Based upon the Human Genome Project, efforts were made over the last decade to better understand transcriptomes encoded in human erythroblasts. An erythroblast transcriptome project was initiated by first isolating human erythroblasts in real-time as they differentiate in ex vivo cultures . mRNA from those cells was isolated and analyzed to provide a erythroid transcriptome map for further study. Due to the high-levels of erythroblast proliferation followed by incomplete maturation (without enucleation), the transcriptome generated using cultured cells was hypothesized to reflect ineffective erythropoiesis . High-levels of GDF15 gene expression were noted in culture among the more mature erythroblasts, and the cytokine was selected for further study .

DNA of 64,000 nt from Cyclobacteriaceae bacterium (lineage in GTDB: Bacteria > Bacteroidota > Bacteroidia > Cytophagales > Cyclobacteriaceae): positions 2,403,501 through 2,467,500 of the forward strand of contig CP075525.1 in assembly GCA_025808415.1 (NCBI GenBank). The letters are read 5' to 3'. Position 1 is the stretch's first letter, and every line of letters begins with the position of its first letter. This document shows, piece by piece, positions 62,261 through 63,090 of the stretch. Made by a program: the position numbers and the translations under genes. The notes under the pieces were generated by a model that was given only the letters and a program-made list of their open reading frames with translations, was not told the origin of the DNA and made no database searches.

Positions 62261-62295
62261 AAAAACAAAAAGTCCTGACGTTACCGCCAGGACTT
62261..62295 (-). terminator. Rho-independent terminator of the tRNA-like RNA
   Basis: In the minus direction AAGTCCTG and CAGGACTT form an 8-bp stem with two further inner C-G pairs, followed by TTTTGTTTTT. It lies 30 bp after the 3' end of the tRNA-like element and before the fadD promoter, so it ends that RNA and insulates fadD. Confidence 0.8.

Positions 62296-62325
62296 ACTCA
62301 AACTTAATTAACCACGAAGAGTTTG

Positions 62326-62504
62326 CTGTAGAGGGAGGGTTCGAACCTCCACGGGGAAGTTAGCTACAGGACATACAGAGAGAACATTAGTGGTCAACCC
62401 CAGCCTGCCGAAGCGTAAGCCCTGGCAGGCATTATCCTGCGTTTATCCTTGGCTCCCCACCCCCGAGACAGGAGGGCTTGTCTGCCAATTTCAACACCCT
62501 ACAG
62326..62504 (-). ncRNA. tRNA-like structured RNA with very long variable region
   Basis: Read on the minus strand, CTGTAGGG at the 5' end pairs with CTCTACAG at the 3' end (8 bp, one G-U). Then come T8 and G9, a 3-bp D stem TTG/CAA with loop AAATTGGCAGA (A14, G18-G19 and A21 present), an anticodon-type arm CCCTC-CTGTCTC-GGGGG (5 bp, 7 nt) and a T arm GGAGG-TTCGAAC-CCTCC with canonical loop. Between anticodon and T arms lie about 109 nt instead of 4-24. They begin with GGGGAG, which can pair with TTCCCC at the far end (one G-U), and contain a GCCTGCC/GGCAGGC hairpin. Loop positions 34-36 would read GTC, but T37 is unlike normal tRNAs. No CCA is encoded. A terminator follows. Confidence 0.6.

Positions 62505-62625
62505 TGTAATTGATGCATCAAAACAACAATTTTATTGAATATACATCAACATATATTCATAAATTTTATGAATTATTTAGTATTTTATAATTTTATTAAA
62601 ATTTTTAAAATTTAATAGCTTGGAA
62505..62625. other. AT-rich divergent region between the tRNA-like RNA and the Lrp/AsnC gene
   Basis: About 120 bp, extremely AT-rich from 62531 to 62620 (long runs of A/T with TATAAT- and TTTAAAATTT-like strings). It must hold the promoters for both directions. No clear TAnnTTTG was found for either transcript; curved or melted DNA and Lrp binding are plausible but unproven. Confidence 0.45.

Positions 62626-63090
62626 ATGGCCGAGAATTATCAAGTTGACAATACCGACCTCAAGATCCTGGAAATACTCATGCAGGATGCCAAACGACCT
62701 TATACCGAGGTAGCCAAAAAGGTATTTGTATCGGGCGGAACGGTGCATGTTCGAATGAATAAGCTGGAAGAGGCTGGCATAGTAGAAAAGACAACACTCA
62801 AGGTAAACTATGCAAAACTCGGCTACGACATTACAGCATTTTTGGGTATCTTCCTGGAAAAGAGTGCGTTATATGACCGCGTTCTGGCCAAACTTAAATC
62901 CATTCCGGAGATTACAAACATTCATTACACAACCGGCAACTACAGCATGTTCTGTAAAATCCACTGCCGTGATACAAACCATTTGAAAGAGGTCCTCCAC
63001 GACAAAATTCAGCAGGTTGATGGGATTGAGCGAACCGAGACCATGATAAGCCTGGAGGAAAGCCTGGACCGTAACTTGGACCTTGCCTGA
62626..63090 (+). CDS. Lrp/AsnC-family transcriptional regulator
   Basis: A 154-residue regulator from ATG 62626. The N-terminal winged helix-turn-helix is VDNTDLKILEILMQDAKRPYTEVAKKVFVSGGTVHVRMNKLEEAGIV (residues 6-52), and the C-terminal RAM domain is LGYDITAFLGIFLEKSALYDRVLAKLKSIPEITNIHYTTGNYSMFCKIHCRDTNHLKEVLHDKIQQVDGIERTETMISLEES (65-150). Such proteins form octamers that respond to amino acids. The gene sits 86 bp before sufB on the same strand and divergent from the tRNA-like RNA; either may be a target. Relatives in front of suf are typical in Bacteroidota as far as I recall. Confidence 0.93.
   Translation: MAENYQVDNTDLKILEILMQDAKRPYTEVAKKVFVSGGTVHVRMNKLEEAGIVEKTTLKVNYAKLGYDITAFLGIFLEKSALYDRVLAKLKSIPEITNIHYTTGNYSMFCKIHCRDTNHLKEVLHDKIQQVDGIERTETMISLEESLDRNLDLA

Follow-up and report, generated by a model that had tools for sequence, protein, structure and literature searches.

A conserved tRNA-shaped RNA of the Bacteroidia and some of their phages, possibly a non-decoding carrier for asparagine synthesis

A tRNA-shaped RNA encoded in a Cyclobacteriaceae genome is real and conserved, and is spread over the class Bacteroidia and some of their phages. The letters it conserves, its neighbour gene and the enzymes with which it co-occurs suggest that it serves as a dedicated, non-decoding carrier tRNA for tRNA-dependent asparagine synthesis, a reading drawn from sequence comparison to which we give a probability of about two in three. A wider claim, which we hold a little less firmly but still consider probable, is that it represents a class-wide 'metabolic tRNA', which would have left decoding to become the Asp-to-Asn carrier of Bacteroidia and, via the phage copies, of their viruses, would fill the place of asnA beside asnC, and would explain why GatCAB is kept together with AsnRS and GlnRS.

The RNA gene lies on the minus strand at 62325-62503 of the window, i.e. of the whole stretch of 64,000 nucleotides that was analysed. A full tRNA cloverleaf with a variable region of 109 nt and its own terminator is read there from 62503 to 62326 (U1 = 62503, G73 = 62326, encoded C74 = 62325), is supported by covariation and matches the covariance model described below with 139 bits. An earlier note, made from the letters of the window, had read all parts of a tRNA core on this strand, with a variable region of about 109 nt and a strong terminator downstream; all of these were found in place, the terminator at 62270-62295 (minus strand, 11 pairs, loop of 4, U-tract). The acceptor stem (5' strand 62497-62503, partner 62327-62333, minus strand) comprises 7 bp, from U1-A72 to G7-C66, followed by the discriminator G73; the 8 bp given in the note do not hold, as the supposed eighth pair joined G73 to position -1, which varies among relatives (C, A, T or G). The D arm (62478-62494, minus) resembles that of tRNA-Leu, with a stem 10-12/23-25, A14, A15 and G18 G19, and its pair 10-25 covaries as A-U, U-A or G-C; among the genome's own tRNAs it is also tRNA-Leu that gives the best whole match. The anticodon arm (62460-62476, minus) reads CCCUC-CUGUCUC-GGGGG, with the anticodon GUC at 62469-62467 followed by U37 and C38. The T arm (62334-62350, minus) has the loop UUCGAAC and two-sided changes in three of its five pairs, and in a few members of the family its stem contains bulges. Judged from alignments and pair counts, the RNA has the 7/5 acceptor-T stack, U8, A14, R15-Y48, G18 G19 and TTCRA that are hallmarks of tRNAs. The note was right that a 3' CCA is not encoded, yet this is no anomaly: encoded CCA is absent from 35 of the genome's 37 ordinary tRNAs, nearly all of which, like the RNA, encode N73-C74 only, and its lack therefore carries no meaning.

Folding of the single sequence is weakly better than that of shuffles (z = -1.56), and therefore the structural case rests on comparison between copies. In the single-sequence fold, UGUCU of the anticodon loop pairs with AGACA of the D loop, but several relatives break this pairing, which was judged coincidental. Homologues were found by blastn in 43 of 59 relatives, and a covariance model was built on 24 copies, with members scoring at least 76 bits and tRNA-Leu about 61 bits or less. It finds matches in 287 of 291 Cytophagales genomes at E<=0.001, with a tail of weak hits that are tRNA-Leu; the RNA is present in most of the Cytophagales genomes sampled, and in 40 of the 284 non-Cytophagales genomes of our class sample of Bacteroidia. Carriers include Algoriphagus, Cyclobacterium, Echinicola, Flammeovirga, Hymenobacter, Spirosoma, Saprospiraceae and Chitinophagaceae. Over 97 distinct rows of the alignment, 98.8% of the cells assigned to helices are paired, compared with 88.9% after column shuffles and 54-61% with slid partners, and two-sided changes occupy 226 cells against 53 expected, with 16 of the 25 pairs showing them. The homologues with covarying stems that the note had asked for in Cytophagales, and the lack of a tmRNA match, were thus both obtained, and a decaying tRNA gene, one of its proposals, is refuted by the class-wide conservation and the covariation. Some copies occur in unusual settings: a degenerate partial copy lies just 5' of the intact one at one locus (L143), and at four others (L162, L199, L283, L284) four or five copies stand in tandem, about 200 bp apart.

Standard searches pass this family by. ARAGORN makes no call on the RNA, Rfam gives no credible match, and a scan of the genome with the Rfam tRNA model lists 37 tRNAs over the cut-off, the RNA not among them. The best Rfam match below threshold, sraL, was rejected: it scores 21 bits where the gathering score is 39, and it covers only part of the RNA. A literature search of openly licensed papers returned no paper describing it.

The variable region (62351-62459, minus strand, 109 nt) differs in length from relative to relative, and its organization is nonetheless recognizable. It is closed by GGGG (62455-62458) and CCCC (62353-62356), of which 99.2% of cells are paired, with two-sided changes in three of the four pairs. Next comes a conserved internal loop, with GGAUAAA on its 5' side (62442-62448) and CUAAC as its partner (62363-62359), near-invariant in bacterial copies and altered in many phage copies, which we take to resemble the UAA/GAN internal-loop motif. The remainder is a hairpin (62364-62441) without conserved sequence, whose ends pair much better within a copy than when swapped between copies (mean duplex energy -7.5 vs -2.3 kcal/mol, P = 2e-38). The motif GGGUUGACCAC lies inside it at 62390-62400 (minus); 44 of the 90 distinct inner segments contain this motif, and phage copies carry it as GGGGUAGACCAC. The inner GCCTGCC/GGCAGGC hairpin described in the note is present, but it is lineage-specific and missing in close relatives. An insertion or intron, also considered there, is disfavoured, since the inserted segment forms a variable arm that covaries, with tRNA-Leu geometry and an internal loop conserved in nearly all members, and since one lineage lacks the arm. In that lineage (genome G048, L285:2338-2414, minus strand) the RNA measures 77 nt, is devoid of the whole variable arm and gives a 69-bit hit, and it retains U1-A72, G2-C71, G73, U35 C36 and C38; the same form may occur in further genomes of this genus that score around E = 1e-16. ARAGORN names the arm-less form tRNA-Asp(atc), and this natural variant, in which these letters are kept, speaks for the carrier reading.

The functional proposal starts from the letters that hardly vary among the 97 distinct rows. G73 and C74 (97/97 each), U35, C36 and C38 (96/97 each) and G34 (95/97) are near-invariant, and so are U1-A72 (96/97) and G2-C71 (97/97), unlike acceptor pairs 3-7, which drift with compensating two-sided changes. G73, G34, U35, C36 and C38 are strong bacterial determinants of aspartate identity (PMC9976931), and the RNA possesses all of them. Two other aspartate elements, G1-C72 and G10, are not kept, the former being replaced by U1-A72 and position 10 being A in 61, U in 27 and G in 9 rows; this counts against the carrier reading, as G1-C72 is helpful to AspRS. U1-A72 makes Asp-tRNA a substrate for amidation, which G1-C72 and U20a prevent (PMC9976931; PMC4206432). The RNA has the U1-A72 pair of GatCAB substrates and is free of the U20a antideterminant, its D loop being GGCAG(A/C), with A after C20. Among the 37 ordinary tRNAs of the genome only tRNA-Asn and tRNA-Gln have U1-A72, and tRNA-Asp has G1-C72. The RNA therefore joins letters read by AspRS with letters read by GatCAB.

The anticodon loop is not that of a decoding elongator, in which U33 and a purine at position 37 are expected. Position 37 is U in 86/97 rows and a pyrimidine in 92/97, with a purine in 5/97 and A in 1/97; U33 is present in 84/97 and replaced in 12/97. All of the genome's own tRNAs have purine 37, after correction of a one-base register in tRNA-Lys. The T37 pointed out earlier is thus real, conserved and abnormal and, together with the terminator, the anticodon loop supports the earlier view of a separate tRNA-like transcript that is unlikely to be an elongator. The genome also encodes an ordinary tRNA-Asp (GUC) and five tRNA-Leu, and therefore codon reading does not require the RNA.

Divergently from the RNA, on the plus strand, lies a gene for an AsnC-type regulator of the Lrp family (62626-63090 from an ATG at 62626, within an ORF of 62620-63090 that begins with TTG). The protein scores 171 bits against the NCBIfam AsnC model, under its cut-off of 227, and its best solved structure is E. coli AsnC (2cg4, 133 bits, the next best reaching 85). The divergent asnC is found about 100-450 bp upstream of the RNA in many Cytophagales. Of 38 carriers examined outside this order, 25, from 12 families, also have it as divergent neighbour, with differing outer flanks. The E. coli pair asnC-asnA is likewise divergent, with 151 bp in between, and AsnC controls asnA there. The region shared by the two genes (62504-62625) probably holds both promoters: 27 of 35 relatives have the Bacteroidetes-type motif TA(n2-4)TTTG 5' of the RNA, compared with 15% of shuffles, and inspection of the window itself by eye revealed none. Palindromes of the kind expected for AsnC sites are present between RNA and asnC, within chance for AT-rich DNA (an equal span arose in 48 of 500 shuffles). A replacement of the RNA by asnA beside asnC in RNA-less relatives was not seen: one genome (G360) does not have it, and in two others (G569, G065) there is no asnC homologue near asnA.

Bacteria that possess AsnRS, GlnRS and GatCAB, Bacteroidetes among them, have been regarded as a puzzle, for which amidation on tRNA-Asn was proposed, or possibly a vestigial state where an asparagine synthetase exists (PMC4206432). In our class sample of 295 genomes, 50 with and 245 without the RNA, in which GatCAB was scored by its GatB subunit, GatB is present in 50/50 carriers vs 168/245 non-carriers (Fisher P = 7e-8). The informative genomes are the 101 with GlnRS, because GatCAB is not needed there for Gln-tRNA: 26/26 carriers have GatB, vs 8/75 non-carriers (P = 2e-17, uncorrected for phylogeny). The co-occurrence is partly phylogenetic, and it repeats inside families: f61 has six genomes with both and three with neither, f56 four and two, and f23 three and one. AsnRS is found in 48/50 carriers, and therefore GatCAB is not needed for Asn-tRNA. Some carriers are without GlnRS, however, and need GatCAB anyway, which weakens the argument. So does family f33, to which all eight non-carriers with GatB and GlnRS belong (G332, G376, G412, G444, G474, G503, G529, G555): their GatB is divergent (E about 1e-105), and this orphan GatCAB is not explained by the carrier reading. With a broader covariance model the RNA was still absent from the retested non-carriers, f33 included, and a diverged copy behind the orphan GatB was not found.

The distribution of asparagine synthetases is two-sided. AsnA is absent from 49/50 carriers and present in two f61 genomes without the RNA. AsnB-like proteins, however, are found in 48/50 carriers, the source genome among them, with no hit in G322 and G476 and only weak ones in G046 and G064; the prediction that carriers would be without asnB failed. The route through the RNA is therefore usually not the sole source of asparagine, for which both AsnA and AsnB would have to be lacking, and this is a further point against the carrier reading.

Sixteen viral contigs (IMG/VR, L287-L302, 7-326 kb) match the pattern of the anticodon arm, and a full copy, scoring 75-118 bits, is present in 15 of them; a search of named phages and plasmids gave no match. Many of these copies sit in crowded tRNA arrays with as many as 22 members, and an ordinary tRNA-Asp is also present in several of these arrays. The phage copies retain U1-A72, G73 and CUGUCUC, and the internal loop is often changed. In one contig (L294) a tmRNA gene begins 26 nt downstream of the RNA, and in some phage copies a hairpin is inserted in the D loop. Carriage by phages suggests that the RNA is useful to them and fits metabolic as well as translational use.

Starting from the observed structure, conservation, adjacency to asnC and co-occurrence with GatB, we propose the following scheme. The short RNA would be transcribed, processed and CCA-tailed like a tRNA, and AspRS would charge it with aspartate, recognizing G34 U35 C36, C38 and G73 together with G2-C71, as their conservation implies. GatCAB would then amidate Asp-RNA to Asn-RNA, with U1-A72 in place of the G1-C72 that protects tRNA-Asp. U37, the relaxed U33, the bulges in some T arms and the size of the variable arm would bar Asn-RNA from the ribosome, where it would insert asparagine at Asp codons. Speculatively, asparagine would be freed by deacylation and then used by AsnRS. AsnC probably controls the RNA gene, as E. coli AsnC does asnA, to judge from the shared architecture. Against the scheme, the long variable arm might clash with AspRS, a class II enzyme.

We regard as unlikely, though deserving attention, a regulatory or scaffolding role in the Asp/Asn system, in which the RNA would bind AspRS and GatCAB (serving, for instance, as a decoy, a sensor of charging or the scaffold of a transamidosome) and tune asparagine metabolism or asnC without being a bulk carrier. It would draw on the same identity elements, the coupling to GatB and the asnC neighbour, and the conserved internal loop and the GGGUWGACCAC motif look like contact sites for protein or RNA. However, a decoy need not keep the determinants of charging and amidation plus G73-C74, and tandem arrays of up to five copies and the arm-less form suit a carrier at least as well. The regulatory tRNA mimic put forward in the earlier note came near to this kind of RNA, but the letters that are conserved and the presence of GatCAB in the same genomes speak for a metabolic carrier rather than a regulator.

Along with studies in cultured erythroblasts, clinical studies of GDF15 expression in vivo were begun. A summary of clinical reports is shown in Figure 2. The levels of GDF15 in healthy individuals are generally measured in 200–1,150 pg/ml range by commercial ELISA assays [23,24]. There are no significant differences of GDF15 concentrations among citrated plasma, EDTA-treated plasma, and serum. GDF15 is stable at room temperature in serum, plasma, and whole blood for at least 48 hours. GDF15 is resistant to at least 4 freeze thaw cycles. Anticoagulants, albumin, bilirubin, or hemoglobin do not significantly influence the measurement of GDF15 concentrations . These features suggest GDF15 expression in the serum may eventually be utilized as a clinical marker of cell stress or apoptosis. Additional studies are needed to determine the sensitivity and specificity of GDF15 measurements in a broader range of disease settings.